The five point star is on the flags of 35 nations today. Democratic, Communist, and Islamic. These are nations with ideologies at odds and sometimes at war. Police wear stars to represent the law. Heroes are awarded medals with stars for courage. Children receive stars on reports for good behaviour and work. The following examines the origins of the five point star, how it became associated with the idea of excellence, and why today it’s a universal symbol of achievement throughout the worlds of business, entertainment, professional sport, and the military.
The Human Ideal
It is fundamentally human to gaze up at the night sky emblazoned with celestial lights and wonder “Who am I?” and “What is my purpose?” The answer echoing back through time is always, “Know Thyself.” This is inscribed over the entrance to the Temple of Apollo at Delphi; aptly built over a cavern in 800 B.C.E.. Apollo is was the deity associated with prophecy and medicine. Aristotle believed every human is drawn into the future by an innate “telos”. In Greek, “entelecheia” means “that which turns potential into reality.” For example, the caterpillar transforming into a butterfly, or an acorn into an oak tree. With human beings, this is much more complex.
Eudaimonia & Aretē
Each person is called to discover their own telos; who they are uniquely and what their vocation, or calling, will be. The principle and goal of Aretē is:
- To actualize one’s full potential
- To harness all one’s faculties, abilities, and potentialities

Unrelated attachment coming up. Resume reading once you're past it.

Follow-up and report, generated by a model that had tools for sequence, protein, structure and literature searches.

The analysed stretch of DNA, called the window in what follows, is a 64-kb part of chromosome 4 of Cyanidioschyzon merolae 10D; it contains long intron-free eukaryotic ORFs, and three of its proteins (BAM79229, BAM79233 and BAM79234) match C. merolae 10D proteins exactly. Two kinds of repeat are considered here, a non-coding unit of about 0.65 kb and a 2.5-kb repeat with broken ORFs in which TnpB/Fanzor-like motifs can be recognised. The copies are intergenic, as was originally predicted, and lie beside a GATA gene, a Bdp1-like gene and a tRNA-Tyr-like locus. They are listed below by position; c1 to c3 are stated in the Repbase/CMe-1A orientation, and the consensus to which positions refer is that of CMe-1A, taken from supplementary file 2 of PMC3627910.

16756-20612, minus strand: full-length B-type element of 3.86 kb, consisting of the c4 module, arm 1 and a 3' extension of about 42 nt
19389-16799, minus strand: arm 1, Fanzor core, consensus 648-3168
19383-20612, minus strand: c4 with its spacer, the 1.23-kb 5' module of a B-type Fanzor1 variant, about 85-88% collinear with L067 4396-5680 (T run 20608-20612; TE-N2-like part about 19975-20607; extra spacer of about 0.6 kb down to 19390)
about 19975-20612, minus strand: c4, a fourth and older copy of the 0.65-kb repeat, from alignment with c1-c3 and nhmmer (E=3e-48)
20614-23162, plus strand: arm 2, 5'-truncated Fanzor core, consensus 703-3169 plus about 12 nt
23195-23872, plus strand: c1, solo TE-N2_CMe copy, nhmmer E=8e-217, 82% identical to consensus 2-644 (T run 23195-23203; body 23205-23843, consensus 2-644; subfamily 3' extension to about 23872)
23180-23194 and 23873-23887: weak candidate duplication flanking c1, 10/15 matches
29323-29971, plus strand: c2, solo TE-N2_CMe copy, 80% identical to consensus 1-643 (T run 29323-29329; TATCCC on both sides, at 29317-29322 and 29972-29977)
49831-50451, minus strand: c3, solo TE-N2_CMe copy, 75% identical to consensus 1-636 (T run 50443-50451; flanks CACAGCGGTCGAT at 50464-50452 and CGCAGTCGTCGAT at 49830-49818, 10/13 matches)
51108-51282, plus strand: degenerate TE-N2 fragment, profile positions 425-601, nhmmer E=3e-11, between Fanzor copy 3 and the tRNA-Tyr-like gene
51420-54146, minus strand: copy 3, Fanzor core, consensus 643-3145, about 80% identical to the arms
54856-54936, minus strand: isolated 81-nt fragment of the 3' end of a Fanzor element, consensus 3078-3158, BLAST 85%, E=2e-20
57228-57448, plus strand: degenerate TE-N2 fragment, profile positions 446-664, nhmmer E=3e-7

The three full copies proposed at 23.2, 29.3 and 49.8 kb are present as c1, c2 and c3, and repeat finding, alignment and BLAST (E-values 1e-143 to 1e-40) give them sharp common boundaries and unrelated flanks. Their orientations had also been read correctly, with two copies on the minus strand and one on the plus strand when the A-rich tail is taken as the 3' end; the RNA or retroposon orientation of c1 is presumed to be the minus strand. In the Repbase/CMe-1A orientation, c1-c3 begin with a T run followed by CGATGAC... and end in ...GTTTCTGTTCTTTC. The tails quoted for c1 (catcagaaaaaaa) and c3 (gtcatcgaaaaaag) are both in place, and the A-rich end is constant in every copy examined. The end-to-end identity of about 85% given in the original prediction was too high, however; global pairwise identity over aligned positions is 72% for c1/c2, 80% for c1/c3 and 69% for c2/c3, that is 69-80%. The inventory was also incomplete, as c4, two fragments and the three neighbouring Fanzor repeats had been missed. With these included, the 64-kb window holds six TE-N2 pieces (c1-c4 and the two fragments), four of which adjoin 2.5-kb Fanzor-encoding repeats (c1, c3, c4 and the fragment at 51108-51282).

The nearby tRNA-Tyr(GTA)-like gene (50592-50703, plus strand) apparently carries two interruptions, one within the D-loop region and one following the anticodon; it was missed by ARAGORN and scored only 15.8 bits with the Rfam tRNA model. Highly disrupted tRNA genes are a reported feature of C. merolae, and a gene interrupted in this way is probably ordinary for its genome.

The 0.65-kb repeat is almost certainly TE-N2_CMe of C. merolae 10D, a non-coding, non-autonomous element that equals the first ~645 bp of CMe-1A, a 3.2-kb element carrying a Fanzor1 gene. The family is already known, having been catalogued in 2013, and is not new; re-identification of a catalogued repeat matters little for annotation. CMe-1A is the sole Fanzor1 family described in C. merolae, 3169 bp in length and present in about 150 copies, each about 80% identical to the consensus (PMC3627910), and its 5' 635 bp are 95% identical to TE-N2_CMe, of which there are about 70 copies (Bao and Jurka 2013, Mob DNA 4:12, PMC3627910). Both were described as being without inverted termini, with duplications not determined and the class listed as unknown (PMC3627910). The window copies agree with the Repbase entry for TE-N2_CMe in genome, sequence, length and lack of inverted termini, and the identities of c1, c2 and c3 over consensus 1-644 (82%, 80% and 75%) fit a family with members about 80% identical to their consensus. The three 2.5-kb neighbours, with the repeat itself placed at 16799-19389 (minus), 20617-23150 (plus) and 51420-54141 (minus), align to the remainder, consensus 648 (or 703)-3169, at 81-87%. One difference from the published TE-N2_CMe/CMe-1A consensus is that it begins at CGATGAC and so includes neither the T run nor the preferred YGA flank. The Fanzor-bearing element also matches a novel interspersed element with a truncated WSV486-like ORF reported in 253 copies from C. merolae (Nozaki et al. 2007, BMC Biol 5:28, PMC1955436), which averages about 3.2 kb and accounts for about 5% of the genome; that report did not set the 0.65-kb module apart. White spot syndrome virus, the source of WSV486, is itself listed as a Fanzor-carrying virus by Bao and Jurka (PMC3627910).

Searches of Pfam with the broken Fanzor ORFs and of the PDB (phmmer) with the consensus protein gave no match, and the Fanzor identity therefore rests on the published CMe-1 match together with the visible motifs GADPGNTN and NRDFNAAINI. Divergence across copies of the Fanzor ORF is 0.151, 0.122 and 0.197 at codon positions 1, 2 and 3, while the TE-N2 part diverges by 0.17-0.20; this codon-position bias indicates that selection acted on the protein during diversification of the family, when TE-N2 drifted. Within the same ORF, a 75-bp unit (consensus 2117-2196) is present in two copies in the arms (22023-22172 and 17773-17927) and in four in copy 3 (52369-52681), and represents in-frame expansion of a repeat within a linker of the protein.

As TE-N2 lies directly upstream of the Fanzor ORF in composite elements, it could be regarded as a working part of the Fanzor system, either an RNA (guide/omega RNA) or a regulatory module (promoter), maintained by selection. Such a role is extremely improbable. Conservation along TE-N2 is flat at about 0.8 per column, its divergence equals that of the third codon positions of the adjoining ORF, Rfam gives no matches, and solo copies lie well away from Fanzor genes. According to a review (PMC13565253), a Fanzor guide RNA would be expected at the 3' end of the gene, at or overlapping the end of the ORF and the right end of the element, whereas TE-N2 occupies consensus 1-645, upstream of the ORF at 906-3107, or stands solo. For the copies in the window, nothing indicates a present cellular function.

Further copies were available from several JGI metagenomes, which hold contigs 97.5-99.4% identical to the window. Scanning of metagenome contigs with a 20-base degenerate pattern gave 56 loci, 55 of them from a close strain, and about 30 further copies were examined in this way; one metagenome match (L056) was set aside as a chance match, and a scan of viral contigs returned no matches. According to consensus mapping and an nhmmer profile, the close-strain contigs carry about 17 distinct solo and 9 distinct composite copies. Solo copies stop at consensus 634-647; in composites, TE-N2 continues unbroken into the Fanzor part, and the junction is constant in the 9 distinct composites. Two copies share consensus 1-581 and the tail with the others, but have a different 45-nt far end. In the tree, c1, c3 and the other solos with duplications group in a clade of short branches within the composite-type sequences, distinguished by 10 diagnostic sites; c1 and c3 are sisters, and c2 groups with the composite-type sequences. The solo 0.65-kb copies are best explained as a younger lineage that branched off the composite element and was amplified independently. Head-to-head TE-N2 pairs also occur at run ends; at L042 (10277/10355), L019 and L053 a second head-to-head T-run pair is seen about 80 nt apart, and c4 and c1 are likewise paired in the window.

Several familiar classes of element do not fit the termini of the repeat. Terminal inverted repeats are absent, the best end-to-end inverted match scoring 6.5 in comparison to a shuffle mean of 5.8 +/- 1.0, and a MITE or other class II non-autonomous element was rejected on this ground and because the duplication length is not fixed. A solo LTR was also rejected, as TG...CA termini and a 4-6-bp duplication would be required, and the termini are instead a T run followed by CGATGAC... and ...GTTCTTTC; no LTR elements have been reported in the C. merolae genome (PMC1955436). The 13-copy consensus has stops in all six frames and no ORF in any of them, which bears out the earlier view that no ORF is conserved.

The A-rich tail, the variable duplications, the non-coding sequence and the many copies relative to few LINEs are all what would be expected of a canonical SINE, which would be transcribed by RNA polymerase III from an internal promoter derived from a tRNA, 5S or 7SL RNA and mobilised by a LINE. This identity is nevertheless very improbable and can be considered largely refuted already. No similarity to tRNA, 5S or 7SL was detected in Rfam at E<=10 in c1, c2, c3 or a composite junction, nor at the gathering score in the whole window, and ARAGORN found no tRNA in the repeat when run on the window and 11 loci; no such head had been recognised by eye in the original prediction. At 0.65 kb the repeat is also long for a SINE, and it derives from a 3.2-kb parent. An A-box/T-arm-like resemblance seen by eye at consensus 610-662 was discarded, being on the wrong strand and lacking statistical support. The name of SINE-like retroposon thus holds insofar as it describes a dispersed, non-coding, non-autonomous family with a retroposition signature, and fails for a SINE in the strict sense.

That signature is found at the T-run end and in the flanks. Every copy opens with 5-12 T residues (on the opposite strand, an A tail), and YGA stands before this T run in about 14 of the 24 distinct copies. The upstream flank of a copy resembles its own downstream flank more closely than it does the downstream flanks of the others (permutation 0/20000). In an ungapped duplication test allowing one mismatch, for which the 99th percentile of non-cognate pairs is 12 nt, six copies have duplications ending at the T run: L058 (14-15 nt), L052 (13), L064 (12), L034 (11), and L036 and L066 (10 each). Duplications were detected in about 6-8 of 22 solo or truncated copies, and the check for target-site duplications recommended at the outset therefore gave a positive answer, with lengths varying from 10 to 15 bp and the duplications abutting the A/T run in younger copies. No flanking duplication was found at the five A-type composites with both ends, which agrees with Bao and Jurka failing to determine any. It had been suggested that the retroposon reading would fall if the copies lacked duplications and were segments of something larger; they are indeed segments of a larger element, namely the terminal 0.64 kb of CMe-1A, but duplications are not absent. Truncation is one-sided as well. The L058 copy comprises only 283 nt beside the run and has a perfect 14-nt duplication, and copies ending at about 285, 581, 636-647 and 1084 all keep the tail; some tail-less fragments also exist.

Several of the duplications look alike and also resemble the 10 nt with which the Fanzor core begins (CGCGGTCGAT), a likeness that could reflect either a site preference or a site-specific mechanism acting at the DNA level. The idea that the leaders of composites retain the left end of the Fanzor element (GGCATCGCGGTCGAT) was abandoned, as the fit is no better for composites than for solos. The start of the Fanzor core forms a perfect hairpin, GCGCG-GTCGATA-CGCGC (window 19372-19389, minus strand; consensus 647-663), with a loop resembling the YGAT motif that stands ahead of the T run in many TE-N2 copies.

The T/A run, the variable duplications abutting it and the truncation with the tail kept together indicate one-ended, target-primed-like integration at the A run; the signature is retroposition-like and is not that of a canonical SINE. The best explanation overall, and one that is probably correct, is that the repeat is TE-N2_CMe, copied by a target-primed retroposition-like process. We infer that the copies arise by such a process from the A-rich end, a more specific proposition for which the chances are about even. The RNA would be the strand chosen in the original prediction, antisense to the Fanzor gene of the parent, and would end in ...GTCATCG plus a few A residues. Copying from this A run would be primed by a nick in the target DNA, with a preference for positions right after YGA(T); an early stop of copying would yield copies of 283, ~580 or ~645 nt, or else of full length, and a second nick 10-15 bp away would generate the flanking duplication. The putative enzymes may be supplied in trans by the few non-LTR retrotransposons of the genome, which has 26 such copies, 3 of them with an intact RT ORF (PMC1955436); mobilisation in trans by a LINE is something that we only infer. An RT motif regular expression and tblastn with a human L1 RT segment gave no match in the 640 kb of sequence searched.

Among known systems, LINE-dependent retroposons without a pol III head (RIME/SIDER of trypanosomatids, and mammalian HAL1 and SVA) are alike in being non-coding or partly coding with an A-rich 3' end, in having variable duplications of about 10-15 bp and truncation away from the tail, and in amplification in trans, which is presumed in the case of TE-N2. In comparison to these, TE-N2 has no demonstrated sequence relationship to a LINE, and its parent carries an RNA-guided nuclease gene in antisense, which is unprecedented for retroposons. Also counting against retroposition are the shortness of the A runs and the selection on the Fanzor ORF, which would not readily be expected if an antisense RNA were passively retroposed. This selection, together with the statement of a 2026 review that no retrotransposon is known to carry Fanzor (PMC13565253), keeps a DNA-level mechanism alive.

- To work at an optimal level of effectiveness
- To strive for and achieve excellence
The inner dimension involves building character. Here, the realization of excellence involves the practice of virtues such as wisdom, courage, kindness, humor, and moderation. The outer dimension involves building a vocation. Every vocation also has a telos. Here, one’s striving for excellence is even more measured. “As an example, let’s take a virtuous carpenter. In their trade, virtue would be excellences in artistic eye, steady hand, patience, creativity, and so on. The eudaimon carpenter is one who possesses and practices the virtues of his trade” (ethics.org.au/).For Aristotle, those who discover and realize their telos will flourish. This leads to “eudaimonia”, a quality of happiness which encompasses: wellbeing, prosperity, and a sense of blessedness. It is also the “highest human good” both at individual and societal levels.
Phronesis is a term meaning “practical wisdom, virtue, and action”. It’s linguistic root is “phroneîn” meaning “to think” from “phrḗn” meaning “mind”. A contemporary translation is “mindfulness in action”. Practical wisdom is like an inner moral compass which guides thinking and behavior always pointing to one’s guiding star. This cannot be taught but only learned through aspiration and with life work experience. According to Aristotle, people learn how to become virtuous by acting virtuously. Excellence of character is built through sustained, purposeful praxis. As is one’s vocation. Both are lifelong endeavors. As Michelangelo famously wrote in his journal: “I am 87 and still learning”.
- Good judgement
In Babylon, the five pointed star represented the corners of heaven. The cardinal directions are associated with the four lower triangles while the fifth points up to heaven. It also represented the five then known planets of Jupiter, Mercury, Mars, Saturn, and Venus. Between 3500B.C.E. and 2500 B.C,E. it appeared as a symbol of authority carried by rulers of the City State of Ur and on city seals in Sumer and Chaldea. The number five is associated with the goddess Ishtar.